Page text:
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As before, the largest uptick in popularity comes in January, and falls off quickly afterwards (again, hopefully because the aspiring cooks found all of the recipes they needed). The falloff is not immediate, as February tends to sit about 70% of the way between the values of January and December, which is when the search for “Healthy Recipes” hits its ultimate low point for the year.

This makes sense! For a majority of Christian America, December is a time for toffee and ham and fudge and turkey and pudding and gravy, not for quinoa and salads.

For a hilarious opposite, observe the graph for “butter”:

“Butter”

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In most years, the solitary spike occurs in December, when holiday cooking takes over, followed by an eleven-month-long period of dormancy.

The New Year’s Resolution spike warrants a devoted research project all its own, for it was everywhere.

“Weight Watchers”

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One observation I made was that terms such as “health”, “healthy”, “fitness”, and “get fit” saw less dramatic spikes and downswings in popularity than did the more specific, motivated terms such as “Weight Watchers” or “gym membership”. This may be incorrect, but my hypothesis is that people with internal health motivations will search year-round and for more general health guidelines and tips, whereas individuals with less health motivation are simultaneously more likely to search only once prompted and to seek out straightforward programs rather than attempt to make their own. Thus we may see enormous spikes in popularity of very specific health programs around January followed by an immediate drop off once New Year’s Resolutions give way to tax season.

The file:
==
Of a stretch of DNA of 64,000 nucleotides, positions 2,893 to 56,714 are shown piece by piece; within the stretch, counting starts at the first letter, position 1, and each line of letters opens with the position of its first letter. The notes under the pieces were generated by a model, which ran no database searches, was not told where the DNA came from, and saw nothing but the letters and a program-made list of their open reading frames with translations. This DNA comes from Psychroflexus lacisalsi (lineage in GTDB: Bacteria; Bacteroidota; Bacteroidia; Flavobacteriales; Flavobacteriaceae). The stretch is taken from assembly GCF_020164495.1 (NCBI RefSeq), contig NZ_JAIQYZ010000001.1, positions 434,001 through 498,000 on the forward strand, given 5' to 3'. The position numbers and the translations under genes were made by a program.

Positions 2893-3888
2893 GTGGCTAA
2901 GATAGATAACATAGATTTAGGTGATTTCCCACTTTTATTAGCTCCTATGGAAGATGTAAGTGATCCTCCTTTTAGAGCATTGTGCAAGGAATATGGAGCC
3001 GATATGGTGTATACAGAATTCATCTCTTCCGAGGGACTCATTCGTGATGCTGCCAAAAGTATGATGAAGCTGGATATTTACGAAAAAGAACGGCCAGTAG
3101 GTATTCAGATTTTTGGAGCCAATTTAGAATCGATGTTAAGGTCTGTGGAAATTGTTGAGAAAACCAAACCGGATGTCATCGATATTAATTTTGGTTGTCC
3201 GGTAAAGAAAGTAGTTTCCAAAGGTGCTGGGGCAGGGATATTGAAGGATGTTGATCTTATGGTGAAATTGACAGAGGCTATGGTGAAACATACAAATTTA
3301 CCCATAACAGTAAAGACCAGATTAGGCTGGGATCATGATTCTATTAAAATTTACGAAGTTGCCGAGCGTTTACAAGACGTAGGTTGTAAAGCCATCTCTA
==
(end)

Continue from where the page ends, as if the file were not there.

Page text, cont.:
Moving on…

Many of the terms I searched were predictably modern, such as Juice Cleanse.

“Juice Cleanse”

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Most of these came to no surprise, such as “Skinny”, which saw a 300% increase in search frequency since 2004.

“Skinny”

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Some were tragic:

“Why Am I Fat”

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Especially considering the countries responsible for most of the searching:

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Some were inspired:

“Foods To Avoid”

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Some were puzzling, such as the graph below of “How To Eat Well”. I noticed the odd, Half Dome-shaped surge in 2011 (it climbed from 46 in April to 100 in June) and wondered what caused it.

“How To Eat Well”

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As it turns out, June 2, 2011 was when the USDA introduced its new MyPlate nutritional guide. While it’s impossible to tell if this was the cause of the surge in searches for this particular term, the timing is suspicious!

A more dramatic example is featured below:

“Baby Food Diet”

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Wow. What happened just as the baby food diet hit an all-time high? Well, May 2010 marks Jennifer Anniston’s public endorsement of the baby food diet. It was less likely that people were searching this diet in May because they wanted to get on board, and more likely they had just heard of some wacky new Hollywood tale that they just had to read for themselves.

I searched many more terms than I could possibly cover in one post, but a few of my other favorites were “Multigrain” (compare to “Whole Grain”), “Lose Weight”, and the similar searches of “Low Fat”“Low Sugar”“Low Calorie”, and “Low Carb”. (Careful, because hyphenating “low-sugar” results in a very different trend line…)

Final tidbit: the huge starting point for “Low Carb” at the end of 2004 is probably due to the low-carb Atkins diet being declared among the most popular diets of 2004 by numerous magazines. Few people practice the Atkins diet today.

“Low Carb”

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“Atkins Diet”

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Trends are fun! Go poke around on Google Trends and see what you can discover!